Episode 66: The Hitler Diaries Forgery Scam

The story of how some Nazi-obsessed jerks played each other, themselves, and several major publications.

Guest host Chris Curran joins us again to talk about one of the major publishing scams of the late 70s and early 80s.

Content Warnings

  • Nazis, including neo-Nazis who carried on their worship after they lost the war
  • Holocaust deniers and revisionist historians
  • Rupert Murdoch
  • Strong language (we’ve got words for Nazis and also for right-wing publications and their overlords who mislead the public)

The scene is Germany, April 21, 1945, in the last days of the Third Reich. Two planes leave Berlin at dawn, one of them carrying Hitler’s valet, Wilhelm Arndt, who is escorting Hitler’s private documents. By evening, Hitler’s chief pilot Hans Baur reported that one of the planes had crashed in a small village outside Dresden—the one that held Arndt and the documents.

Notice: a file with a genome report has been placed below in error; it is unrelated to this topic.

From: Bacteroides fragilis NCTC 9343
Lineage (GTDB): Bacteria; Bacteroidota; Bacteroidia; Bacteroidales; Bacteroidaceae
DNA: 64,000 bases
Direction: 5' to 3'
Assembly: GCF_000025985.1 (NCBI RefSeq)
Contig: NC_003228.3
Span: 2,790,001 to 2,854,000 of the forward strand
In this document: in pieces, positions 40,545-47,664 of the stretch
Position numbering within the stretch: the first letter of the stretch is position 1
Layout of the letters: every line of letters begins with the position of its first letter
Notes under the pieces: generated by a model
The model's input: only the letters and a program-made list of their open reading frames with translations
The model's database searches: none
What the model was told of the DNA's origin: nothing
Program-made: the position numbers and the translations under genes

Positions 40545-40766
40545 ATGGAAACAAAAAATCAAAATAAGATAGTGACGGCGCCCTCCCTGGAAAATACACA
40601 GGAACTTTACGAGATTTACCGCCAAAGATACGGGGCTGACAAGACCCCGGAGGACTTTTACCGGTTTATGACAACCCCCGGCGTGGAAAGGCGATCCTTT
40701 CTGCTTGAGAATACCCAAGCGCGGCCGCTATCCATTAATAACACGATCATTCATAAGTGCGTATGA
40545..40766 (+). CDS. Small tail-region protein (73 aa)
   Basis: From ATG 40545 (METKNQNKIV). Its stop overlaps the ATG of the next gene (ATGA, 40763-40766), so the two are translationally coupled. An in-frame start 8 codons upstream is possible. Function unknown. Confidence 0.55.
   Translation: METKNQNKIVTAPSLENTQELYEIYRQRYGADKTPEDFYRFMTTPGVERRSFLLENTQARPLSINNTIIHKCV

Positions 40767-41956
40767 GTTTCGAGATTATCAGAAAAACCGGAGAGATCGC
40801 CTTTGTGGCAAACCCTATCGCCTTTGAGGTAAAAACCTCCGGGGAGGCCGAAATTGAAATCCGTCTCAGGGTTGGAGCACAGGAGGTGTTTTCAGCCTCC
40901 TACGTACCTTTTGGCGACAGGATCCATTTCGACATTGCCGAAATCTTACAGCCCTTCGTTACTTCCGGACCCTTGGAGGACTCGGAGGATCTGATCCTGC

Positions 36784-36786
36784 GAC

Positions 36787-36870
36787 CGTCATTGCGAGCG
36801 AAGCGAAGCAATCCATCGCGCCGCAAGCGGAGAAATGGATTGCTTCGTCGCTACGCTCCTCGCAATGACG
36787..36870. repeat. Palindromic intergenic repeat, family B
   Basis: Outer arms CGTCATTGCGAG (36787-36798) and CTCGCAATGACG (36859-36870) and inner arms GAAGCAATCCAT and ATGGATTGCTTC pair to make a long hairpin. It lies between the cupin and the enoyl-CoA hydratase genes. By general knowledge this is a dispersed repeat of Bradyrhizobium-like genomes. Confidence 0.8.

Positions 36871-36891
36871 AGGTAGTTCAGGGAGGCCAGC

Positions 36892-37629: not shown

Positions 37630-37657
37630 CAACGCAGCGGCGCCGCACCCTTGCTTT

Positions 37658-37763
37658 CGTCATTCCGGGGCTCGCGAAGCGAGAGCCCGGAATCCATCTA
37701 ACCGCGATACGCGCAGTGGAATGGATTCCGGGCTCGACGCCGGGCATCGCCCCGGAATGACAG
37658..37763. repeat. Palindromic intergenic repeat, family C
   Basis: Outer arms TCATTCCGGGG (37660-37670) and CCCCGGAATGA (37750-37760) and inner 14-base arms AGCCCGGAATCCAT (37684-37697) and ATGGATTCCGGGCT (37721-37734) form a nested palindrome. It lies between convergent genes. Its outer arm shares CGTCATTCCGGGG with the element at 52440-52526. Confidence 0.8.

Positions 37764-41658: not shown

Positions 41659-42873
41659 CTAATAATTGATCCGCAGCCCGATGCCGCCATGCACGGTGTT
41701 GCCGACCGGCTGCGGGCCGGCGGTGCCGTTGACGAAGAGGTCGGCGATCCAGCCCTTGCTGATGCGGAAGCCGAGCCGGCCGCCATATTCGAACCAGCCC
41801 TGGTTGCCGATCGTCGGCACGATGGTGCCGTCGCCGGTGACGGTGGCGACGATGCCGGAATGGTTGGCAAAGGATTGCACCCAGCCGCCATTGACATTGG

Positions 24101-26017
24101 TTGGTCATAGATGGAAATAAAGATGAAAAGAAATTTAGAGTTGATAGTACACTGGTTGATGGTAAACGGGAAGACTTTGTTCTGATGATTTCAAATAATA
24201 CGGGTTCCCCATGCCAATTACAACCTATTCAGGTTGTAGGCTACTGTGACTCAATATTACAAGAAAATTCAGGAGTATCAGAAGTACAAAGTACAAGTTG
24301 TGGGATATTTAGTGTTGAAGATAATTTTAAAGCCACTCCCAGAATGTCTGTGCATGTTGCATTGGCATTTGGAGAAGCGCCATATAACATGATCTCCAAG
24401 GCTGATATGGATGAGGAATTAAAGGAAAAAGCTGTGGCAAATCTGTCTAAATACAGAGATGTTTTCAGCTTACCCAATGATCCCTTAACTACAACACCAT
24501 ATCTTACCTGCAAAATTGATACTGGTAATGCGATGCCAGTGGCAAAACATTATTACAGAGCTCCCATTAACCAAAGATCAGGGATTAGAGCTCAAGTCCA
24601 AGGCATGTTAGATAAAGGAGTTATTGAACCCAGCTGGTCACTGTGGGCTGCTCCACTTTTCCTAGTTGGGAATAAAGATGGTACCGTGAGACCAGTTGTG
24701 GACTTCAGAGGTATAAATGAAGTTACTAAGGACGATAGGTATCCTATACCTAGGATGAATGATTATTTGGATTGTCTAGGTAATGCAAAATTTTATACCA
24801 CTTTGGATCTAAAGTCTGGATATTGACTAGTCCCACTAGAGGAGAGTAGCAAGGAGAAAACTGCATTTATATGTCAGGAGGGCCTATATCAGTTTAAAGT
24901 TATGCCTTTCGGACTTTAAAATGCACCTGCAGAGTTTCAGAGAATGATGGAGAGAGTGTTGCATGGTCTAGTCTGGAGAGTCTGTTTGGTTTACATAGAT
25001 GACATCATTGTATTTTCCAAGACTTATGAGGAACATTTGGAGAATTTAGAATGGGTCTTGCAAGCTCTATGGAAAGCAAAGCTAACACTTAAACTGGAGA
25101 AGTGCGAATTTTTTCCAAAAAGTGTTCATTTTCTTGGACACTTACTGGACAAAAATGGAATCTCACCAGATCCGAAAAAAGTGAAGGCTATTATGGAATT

Hitler shouted, “In that plane were all my private archives, what I had intended as a testimony for posterity! It is a catastrophe!”

The collection consisted of a previously unpublished sequel to Mein Kampf, an opera that the Fuehrer had written with one of his childhood friends, and a large collection of his private diaries. Year later, the documents—not destroyed after all!—were discovered. (Yada, yada, yada…) In 1983, the Stern news magazine in Western Germany, after selling serial rights to publications across the Western world, announced the discovery.

Within a few days, Stern was totally discredited, the diaries were exposed as forgeries, and two Hitler-loving dumbasses were arrested.

We’re going to talk about what kind of dumbasses and dumbassery led up to the diaries being taken for genuine articles and shown to the world as such, exploring what mistakes publishers and reporters made to let something like this happen. And, of course, we will unveil how the scam was brought to an end!

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